After years of cracking down on students using cellphones in the building, Oak Park and River Forest High School might allow limited use of phones or other electronic devices in permitted areas in the school, including classrooms, for instruction only.

This move is a continued softening of OPRF’s cellphone policy over the last several years. The high school banned phones outright in the building until the 2006-2007 school year when the policy was revised. Since then, the phones have been allowed in the building but must be off and kept out of sight in lockers or book bags. But the policy is often violated, school officials over the years acknowledge. Some students openly violate the policy, using their smart phones in the halls or other areas when school staff aren’t looking.

The recent policy change is part of an overall evaluation of discipline policies and procedures the high school has undertaken over the last several months. The school’s Joint Committee on Student Behavior and Discipline, composed of staff, parents and students, made the new policy recommendation.

The committee urged the school board to update the policy and allow cellphones and electronic devices to be used on campus during school.

Study halls, lunchrooms and the hallways between class periods would be allowed. The revised policy would extend beyond cellphones to include MP3 players, electronic pagers, handheld gaming systems and PDAs (personal digital assistants).

Smart phone use in the classroom would be for instruction only and at the discretion of the teacher. The new policy would prohibit phones or recording devices that might be used for cheating or taking photos of others in locker rooms or bathrooms. Bullying and sexting via any electronic device would continue to be prohibited under school rules.

The policy change would have to be approved by the District 200 Board of Education. Currently, cellphone policy violations are Class I infractions, among the least serious offenses in the school’s Code of Conduct. According to discipline data from last fall, there were 21 infractions for cellphone misuse, which resulted in in-school suspensions. There were 44 infractions in the fall of 2010 and a total of 81 for the entire ’10-’11 school year.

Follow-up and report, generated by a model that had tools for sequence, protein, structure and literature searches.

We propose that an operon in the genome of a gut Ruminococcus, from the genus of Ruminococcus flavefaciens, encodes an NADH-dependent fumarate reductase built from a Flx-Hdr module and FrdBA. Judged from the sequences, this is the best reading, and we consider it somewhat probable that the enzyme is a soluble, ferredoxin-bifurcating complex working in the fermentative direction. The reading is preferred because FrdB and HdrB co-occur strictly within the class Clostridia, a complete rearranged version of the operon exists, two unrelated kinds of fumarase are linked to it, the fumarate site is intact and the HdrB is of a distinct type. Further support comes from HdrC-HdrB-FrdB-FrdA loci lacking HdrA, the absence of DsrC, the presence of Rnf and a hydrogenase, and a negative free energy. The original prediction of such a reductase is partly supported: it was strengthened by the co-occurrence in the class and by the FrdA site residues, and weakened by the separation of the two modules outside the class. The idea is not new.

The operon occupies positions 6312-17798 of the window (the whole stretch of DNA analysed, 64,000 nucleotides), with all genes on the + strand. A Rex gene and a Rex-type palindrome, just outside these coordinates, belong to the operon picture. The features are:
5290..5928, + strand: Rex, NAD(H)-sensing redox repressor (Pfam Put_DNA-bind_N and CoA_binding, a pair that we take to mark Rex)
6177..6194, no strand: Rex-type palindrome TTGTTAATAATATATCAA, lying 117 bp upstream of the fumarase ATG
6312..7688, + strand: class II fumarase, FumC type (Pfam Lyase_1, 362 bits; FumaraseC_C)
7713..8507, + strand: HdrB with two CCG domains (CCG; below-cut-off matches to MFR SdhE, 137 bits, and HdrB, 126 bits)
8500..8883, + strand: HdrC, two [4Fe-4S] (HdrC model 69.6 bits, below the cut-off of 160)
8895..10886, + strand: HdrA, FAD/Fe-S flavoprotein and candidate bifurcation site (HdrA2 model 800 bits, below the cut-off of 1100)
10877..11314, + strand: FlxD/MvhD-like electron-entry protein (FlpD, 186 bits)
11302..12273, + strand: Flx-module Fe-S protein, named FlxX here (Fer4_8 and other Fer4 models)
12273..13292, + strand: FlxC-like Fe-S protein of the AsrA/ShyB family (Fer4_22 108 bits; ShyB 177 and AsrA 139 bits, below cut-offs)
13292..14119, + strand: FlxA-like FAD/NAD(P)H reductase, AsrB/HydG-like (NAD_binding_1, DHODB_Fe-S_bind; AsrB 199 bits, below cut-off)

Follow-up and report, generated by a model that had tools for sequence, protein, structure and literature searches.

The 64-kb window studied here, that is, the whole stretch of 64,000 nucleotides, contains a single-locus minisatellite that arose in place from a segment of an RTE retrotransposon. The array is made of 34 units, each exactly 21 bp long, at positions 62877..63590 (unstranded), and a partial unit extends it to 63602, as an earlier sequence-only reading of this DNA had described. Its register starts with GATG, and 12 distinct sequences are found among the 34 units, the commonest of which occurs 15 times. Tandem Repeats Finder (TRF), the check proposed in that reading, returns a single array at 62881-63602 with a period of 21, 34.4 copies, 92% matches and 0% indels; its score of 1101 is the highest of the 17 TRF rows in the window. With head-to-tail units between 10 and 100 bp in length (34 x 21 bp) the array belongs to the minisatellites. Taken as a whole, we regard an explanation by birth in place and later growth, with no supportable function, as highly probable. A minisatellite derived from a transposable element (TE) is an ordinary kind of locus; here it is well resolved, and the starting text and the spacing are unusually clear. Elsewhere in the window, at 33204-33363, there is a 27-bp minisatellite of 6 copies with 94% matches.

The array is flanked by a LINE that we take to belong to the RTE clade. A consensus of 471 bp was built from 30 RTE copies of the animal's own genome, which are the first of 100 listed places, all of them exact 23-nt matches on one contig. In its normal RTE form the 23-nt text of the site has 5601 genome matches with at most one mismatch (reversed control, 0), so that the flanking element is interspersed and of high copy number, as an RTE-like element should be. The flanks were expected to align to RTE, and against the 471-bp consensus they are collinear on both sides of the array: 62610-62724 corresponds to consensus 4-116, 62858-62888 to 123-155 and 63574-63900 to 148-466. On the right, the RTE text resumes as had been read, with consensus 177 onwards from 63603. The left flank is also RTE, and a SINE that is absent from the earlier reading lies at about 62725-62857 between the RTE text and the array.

The committee looked at other discipline policies and procedures, including updating those related to stolen property of students. They also urged the school to continue offering alternative consequences to suspensions, such as counseling and tutoring.

“We did meet this year and focused on a few areas,” said Principal Nathaniel Rouse. “The biggest piece was questions and concerns regarding the cellphone policy. The other piece was looking at ways we can reduce the amount of in-school and out-of-school suspensions with a suspension reduction program.”

In the last two years, the school has enforced the program sporadically but is looking to make it more formal in the building moving forward, Rouse said.

“We wanted to formalize that and make it something that’s more consistent throughout our entire Code of Conduct, so any student who received any consequences, save something incredibly egregious like bringing in a weapon or something like that, we would try to provide some kind of alternative to suspensions, whether it’s proactive counseling or using different entities in the community,” Rouse said.

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